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No Fun Being A Republican

By       Message Stephen Crockett     Permalink
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BB King said it best when he sang “the thrill is gone.” It certainly is no fun trying to defend Bush Republicanism going into the 2008 elections. Bush has simultaneously radicalized and corrupted the modern Republican Party. Unfortunately, the blight is bigger than the individuals running the Bush White House. The corruption and resulting incompetence has become institutionalized in the mechanics of the Republican political machine.


Recently, this writer held a discussion with Paul Tucker, Editor & Publisher of The Union News. He stated during that conversation that “Bush inherited a dynamic, strong and growing Republican Party and drove it over a cliff.”


Surveying the wreckage, we can see a record number of Republican Congressional leaders announcing retirements. In the Senate, Democrats are likely to gain between 7 to 12 additional seats. Most polls predict fewer safe Republican seats in the House. Trends are all pointing towards a devastating defeat for Republicans in 2008 at all levels.


Some Republicans have been trying to distance themselves from Bush on a few key issues but are locked in a political death dance with their radicalized primary voters and severely corrupted corporate donor base. Republican candidates cannot win primaries without supporting Bush on Iraq. Candidates who support Bush on Iraq are going to get slaughtered nationally in the general election.


On trade policy, tax cuts for the wealthy, healthcare for children, no-bid contracts, torture, privacy, national health insurance, guaranteeing voting rights, punishing Republican politicians who are apparently lawbreakers (like Scooter Libby), expanding Presidential powers and many other issues, the Republican leadership and activist base hold views that large majorities of Americans oppose. Basically, the Republicans on most important issues are opposed to the views of the American people. It seems like a poor approach to winning elections for any political party.


Minority rule can only be imposed by the use of political tactics that offend ever growing majorities of voters. You can stop people from voting using various dirty tricks and illegal actions. You can corrupt the vote counts and obstruct recounts in contested elections. You can abuse your public office to serve partisan goals. You can corrupt law enforcement, prosecutions and trials for political gains. You can lie and lie and lie about everything.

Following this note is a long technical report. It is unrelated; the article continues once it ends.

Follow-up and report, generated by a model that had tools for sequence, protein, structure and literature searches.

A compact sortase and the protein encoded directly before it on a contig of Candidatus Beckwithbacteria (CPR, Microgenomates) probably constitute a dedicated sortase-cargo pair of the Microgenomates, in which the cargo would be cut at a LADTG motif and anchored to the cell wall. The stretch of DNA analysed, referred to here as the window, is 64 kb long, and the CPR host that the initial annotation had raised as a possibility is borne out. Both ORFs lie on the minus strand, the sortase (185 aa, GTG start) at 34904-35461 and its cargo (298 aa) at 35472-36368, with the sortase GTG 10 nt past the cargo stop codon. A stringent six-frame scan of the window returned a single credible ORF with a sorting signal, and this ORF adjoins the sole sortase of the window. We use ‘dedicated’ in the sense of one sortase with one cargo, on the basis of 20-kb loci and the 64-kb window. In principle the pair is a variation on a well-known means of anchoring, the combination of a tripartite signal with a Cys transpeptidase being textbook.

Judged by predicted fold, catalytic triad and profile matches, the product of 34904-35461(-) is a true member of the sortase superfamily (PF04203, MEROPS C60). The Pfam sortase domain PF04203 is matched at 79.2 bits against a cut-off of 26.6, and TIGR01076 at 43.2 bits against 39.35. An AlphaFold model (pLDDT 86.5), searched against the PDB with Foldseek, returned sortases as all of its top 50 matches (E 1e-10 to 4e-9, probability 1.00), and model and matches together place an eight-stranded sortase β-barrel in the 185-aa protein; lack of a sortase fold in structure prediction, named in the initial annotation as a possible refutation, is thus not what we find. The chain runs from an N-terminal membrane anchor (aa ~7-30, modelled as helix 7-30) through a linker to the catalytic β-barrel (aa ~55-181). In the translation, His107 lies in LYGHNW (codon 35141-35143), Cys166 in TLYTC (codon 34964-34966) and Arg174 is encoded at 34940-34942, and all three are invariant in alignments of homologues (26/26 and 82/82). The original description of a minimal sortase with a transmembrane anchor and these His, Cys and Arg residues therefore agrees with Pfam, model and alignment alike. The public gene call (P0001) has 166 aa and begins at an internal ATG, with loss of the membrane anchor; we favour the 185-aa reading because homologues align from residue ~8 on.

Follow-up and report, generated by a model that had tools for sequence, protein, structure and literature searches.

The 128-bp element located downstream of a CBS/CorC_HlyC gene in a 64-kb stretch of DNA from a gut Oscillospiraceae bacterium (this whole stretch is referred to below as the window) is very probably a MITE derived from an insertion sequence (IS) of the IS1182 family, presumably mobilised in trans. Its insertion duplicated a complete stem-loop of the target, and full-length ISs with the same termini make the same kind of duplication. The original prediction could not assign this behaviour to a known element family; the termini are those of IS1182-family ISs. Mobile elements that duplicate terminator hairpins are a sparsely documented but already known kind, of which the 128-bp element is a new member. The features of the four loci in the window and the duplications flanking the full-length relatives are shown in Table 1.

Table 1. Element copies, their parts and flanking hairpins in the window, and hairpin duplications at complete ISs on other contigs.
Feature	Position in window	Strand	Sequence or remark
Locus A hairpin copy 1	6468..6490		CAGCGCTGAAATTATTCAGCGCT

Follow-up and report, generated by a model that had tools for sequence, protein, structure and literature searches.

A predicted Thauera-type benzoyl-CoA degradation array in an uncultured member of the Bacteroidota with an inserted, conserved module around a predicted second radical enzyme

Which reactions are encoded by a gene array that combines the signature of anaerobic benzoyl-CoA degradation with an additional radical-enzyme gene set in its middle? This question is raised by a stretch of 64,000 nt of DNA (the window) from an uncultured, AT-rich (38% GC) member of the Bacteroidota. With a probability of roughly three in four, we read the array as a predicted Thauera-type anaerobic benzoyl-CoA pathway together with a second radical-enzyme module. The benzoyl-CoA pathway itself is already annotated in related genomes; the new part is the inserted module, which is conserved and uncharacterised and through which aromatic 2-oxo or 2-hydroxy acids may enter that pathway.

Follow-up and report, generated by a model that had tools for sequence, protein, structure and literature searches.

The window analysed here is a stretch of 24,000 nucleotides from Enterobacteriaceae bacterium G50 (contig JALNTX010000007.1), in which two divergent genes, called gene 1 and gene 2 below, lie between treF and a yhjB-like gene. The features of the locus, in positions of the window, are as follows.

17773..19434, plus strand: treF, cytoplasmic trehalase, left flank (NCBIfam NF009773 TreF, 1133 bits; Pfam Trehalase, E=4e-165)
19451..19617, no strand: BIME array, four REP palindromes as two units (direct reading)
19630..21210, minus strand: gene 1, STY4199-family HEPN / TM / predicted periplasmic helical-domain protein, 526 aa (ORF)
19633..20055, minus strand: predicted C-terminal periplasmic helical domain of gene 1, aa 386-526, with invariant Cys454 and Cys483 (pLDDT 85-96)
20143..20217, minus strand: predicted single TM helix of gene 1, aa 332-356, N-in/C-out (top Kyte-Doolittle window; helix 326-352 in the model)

You can smear your opponents. You can use fear, intimidation and character assassination. You can play parliamentary tricks like using filibusters to block overrides of vetoes. You can hide information about abuses using fake national security or executive privilege claims. You can engage in endless propaganda designed to prevent honest debate on the merits of policy. You can do many thing that might give your minority faction temporary victories. You can obstruct justice in many different ways.


Under Bush, the Republicans have used all of these offensive tactics and many more. The Bush era was born from these tactics in 2000. They have used them relentlessly, and fairly effectively, for the past 7 years but the results appear to have backfired. Moderates and fair-minded Republicans are leaving their Party in ever growing numbers. Democratic activism is growing. Independents are leaning very heavily toward the Democrats in all the polls on issue after issue.


Dirty tactics and poor policy positions have turned the Republicans into a shrinking minority. The more they shrink, the more they are reliant on dirty tactics and trapped by the radical, corrupt policy positions of those few who remain.


Right Wing Radicalism, cronyism, corruption and incompetence seem to dominate when Republicans rule. It is not much fun defending that kind of record or agenda. It is no fun being a Republican these days. It is not much fun being ruled by them, for the rest of us, either.

  Written by Stephen Crockett (co-host, Democratic Talk Radio and Editor of Mid-Atlantic  ).  


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Stephen Crockett is co-host of Democratic Talk Radio and author of the Democratic Voices opinion column.

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